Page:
Wednesday, 30 November 2016

Thunder in the desert


Thunder in the desert
Change your life. God's kingdom is here.

Thirty years have passed. Thirty cold winters and harsh summers lived through. Matthew pans the camera of our imagination across a new epic scene. Crowds have streamed from Jerusalem, Judea and the surrounding countryside to a river in the desert. They have come to hear a simple and austere preacher, John, known as the Baptiser. He has burst on to the scene and is calling on all who come to hear him to change their lives and be baptised as a preparation for God’s kingdom – the new Promised Land, we might call it; a land without borders or geographic landmarks and boundaries (hence the Desert), but rather a way of life whose centre of gravity is a person not a place.
What are we to make of this abrupt announcement? Within a few short verses the reader has been transported from the story of a refugee family to the wild claims of an unknown prophet and outsider of the religious establishment; a prophet who clothes himself in camel hair and wears the mantle of Isaiah. His blunt preaching gains popularity: ‘Change your life. God’s kingdom is here.’ It also gains notoriety. And Matthew more than hints that there are already enemies of this kingdom who have shown up ‘for a baptismal experience because it was becoming the popular thing.’[1]

They are the Pharisees and Sadducees. They get the rough edge of his tongue. He brands them snakes. He will not pour water over them because he judges that their change of life is only skin-deep.

Even as he baptizes and berates, John can sense the pull of a powerful new centre of gravity approaching. It is as if the magnetic force of Jesus is already turning the compass needle of John’s heart towards the one who was worshipped as a babe, rescued from slaughter and hidden away in Galilee until now.

And yet it is the Holy Spirit who John first talks about, not the Son of God. Already John knows that this energy or life-force that has a powerful magnetic attraction will line up the compass needles of myriad hearts and point them to the Beloved One. Already John knows that this Holy Spirit will prepare hearts and minds to receive the Beloved One. The Holy Spirit is the ‘go-between God’ in the story Matthew tells. In Chapter 1, the Holy Spirit has been the go-between God for Mary, the one who ‘overshadowed’ her. And here, at the point of Jesus’ baptism, the Holy Spirit appears like a dove coming down from heavens and landing on Jesus.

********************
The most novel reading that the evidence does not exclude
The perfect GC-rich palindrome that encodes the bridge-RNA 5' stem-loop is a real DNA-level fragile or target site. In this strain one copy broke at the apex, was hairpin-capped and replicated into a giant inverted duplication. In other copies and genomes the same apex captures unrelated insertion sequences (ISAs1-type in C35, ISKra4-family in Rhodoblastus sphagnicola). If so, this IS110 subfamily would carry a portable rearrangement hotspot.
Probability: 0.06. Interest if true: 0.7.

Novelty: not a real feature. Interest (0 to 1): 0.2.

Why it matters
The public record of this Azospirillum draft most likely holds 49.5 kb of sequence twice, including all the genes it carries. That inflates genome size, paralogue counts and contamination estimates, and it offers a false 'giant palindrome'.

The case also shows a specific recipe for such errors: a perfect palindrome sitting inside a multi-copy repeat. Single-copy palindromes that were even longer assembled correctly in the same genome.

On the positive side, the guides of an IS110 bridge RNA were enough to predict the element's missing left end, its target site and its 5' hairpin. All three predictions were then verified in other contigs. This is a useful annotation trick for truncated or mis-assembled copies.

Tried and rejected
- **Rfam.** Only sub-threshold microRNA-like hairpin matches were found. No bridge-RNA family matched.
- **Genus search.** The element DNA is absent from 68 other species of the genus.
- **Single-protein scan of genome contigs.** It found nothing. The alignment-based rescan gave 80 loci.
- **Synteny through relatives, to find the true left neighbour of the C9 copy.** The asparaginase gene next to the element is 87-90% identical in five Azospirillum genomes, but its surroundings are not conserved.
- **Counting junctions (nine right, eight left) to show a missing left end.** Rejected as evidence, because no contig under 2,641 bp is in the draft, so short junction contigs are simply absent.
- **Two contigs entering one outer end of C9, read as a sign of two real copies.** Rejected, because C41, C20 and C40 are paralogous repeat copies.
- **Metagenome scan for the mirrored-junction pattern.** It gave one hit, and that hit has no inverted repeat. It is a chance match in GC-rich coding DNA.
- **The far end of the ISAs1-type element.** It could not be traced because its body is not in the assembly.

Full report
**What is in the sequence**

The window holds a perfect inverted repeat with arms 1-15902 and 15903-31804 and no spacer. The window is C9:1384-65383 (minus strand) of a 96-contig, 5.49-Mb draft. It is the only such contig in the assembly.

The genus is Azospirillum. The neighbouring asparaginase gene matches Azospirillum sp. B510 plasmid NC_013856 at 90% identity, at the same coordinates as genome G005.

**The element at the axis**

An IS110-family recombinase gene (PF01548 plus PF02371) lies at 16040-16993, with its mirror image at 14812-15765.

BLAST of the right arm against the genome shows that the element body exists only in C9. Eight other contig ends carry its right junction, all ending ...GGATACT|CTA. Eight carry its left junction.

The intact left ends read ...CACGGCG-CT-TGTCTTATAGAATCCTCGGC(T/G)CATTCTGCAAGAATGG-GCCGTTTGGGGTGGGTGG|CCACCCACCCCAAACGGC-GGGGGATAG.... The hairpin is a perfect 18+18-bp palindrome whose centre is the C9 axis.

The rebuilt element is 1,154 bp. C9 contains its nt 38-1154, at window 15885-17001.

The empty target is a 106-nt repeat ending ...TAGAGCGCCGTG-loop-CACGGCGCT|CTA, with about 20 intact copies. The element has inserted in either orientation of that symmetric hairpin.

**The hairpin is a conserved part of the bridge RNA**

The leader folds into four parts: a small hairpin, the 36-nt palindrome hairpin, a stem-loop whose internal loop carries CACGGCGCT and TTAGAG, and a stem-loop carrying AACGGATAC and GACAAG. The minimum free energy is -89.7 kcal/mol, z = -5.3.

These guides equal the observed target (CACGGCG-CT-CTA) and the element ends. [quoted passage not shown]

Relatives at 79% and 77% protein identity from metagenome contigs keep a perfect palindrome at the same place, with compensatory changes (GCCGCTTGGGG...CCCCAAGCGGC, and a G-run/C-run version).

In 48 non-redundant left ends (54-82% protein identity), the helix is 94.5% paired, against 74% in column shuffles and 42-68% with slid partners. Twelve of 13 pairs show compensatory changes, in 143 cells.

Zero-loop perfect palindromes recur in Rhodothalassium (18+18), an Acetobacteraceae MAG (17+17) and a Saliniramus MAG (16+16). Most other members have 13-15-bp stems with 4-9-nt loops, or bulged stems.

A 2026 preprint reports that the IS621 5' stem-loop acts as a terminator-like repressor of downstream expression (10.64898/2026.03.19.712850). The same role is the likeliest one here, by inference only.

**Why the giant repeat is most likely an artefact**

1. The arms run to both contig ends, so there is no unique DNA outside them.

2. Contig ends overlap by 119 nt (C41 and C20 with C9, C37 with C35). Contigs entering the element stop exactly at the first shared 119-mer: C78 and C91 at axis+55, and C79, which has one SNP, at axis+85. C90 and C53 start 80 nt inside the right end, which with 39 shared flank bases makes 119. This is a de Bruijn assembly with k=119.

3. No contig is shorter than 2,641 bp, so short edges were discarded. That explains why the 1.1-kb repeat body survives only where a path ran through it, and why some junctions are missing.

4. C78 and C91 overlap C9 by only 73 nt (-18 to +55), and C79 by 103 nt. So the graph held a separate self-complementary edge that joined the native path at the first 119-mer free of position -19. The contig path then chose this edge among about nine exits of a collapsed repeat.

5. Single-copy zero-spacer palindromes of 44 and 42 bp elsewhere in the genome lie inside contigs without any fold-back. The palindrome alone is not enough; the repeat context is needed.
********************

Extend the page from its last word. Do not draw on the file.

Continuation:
And so, after all the build-up, Jesus is announced as the one who is ‘marked by God’s love, the delight of my life’. He is the Beloved – not because of anything he has yet done or signified or achieved. He is wholly loved and accepted. He is the model of how we, too, are created for God’s complete acceptance and delight, marked by love. Thunder in the desert leads to a deluge of endless grace.

[1] Eugene Petersen’s paraphrase in The Message

Tuesday, 29 November 2016

God gives gifts even as we sleep

God gives gifts even as we sleep

No crib. No angel host. No songs of joy (of angels or Mary). No fast-running shepherds to see and tell good news. Matthew does not pay any great attention to the domestic drama of Jesus’ birth lavished upon us lovingly by Luke – how different our Christmas story would be if we only had Matthew. Instead his is an epic story of visionaries from the East and a bloodthirsty tyrant who kills babes and children to hold on to power. It is a story of a refugee family on the run from fear and oppression. It is the story of strange messages in the night – of dreams which save a family and some scholars from certain slaughter. It is a story to wake us up! But it is also a story of what God can do and is powerless to prevent, in the dark.